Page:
I woke up from a nap the other day with a completely random memory of school lunch from Junior High. My Mother always insisted that my siblings and I avail ourselves of the opportunity to eat a “good hot lunch,” so we ate “school lunch.” Now, “good hot lunch” was a relative term. In grade school, the food wasn’t too bad at all (or my memory has become clouded with fond nostalgia for the lunch tables that folded into the wall and the Principal, Mr. Glacier, who would serenade us with the accordion when it was someone’s birthday). In high school it wasn’t all bad, either, especially since, during the second half of our tenure there, we could DRIVE and have food at RESTAURANTS.
Junior high “school lunch,” on the other hand, was an ADVENTURE IN CUISINE. I ate with my two best friends, Kris and Janae. Kris ate “school lunch” like I did, but Janae ate what we might call “Joan concoctions.” She pulled amazing things out of that brown paper bag. Her Mother, for instance, often prepared sandwiches with Cheese Whiz®, cream cheese and that paper-thin vaguely-recognizable lunch “meat” that came in plastic packages. Sometimes she would have cookies that were made from, among other things, frosting mix (it’s TRUE – I saw them put together at some point). Janae would often have yoghurt (hence we learned to gargle yoghurt – but that’s a story for another time), or, better yet, a pudding-like confection called “Kistle.” I’ve never seen the stuff before or since.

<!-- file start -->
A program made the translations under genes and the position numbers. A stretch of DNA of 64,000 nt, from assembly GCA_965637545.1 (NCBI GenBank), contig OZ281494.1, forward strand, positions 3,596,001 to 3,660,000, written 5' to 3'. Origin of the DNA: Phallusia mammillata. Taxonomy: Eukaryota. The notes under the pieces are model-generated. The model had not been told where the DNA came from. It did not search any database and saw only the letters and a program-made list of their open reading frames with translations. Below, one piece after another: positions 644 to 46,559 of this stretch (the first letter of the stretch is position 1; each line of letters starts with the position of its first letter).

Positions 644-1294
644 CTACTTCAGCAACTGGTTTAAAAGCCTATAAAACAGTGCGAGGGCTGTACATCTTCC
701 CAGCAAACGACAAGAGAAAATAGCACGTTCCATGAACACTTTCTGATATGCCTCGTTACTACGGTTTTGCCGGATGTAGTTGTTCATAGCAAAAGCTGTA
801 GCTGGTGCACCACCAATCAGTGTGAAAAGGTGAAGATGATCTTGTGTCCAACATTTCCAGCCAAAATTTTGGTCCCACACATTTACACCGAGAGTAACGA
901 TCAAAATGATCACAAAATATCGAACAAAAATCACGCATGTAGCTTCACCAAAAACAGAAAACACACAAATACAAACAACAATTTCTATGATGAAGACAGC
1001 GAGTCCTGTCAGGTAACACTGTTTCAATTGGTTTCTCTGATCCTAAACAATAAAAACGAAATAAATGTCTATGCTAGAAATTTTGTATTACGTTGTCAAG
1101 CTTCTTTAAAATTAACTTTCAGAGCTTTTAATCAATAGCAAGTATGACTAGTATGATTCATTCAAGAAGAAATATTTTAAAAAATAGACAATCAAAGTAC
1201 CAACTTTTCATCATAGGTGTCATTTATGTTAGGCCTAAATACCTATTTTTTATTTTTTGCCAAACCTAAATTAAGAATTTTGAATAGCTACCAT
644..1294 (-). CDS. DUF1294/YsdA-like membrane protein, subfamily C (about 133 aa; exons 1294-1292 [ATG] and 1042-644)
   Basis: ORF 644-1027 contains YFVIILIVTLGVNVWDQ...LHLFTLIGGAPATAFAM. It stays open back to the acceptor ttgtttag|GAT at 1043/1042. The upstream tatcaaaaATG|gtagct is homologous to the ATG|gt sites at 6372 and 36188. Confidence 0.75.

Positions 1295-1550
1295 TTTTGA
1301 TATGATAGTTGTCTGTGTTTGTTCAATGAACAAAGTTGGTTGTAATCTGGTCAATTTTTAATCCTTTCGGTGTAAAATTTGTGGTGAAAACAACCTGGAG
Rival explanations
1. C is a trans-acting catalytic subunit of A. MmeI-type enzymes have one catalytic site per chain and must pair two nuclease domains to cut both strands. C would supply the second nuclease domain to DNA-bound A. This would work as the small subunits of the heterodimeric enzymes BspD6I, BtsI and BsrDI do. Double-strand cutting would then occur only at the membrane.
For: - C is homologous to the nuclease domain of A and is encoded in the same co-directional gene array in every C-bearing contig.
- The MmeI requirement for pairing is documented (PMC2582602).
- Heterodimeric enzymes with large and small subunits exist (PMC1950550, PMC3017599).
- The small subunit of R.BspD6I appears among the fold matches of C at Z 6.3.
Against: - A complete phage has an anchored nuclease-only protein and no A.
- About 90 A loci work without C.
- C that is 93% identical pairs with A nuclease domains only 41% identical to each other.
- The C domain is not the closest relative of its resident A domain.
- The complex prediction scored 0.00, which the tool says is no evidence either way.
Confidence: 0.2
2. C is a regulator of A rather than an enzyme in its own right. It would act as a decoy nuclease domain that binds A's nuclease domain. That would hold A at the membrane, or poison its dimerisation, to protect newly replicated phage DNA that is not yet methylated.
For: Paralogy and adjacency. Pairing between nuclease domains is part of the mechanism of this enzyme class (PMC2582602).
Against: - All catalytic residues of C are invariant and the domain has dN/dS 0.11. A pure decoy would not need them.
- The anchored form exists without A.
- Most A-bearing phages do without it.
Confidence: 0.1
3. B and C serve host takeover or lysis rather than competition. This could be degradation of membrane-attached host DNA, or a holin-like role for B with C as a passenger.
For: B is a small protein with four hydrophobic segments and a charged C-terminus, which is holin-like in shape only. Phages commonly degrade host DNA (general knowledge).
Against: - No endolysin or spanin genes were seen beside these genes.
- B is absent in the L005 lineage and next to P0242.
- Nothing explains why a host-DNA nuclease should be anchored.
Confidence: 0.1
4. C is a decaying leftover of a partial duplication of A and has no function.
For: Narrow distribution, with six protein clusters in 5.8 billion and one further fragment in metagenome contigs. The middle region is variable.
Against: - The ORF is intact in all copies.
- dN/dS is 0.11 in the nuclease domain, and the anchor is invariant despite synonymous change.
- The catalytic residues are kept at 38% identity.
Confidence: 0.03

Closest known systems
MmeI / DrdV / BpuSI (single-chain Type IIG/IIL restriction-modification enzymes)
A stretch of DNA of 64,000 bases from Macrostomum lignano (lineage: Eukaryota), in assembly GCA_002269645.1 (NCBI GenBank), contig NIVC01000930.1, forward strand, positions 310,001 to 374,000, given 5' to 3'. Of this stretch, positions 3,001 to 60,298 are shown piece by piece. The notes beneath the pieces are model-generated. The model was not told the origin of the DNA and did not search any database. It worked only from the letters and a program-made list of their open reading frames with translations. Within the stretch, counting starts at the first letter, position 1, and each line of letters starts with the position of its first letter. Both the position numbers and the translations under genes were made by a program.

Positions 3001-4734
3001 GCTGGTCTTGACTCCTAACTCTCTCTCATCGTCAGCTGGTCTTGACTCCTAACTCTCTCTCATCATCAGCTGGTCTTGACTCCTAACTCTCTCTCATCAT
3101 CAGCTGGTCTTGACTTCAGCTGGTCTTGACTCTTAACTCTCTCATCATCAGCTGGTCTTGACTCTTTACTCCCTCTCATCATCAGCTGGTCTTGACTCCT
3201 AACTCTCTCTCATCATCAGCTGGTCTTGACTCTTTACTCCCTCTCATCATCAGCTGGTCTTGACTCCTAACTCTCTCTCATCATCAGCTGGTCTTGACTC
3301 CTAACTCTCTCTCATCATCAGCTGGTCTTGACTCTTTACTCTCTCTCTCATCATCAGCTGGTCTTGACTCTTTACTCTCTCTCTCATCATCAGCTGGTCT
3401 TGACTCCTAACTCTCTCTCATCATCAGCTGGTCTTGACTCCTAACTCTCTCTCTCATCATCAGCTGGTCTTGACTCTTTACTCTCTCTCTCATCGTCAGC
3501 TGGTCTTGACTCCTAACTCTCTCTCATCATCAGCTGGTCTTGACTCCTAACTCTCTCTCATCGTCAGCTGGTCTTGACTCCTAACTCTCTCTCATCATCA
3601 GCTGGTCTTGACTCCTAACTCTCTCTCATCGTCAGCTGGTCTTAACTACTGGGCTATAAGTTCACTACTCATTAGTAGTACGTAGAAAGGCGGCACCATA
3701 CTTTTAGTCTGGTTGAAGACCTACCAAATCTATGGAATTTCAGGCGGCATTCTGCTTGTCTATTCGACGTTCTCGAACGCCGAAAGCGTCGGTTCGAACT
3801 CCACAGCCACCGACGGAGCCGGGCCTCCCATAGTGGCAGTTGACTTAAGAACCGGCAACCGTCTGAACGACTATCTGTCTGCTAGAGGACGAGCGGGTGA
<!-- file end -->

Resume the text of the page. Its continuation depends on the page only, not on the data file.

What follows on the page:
These are fond memories, indeed, but I awoke to quite a different recollection. It was a particular “pizza” day that I remembered. “Pizza,” at my school, was a square glob of dough-like substance upon which a vague tomato-like “sauce” was placed, and then “toppings” of an indeterminate nature were used. Kris and I were walking to a table with our “pizza,” anxious to see what odd delights might be in Janae’s lunch bag that day, when I noticed an unusually peculiar “topping” on my “pizza.” Upon further examination, I determined that it was none other than a SPIDER baked right onto the “pizza.” I am not picky, truly, but this was just not acceptable. I went back up to the lunch counter (no doubt waiting in line again, because that’s what residual shyness does to you), and faced one of the “Lunch Ladies.” My memory paints a picture of a curt, burly woman with a bad dye-job. In her mouth I see a cigarette – half ash – precariously hanging from her lip right over a vat of pudding or some other glutinous substance. I know that the cigarette part can’t be true, but I do not doubt for one moment that she was curt and burly, dressed in that ubiquitous garishly-coloured “apron.”
“Pardon me, but there is a SPIDER on my ‘pizza,'” I timidly said.
She grunted impatiently, grabbed the tray, and gave it a cursory glance. Then came the quote of the decade:
“It’s just a FLY,” she retorted, and shoved the tray back at me.
I stood there for a moment, completely floored. I surmised that this was the moment at which I was expected to express great relief and say, “Phew – just a FLY. Bonus ‘pizza’ topping day for me!” But I could only remain mute with disbelief.
After a moment, she rolled her eyes in disgust, took the plate, and gave me new one with an insect/arachnid-free piece of “pizza.” Had it BEEN a spider, in her mind, (and damn it – IT WAS) then perhaps she might have reacted differently. But a completely serendipitous BAKED FLY – apparently, I had turned up my nose at a wonderful BONUS piece of protein. Oh, the ingratitude of youth.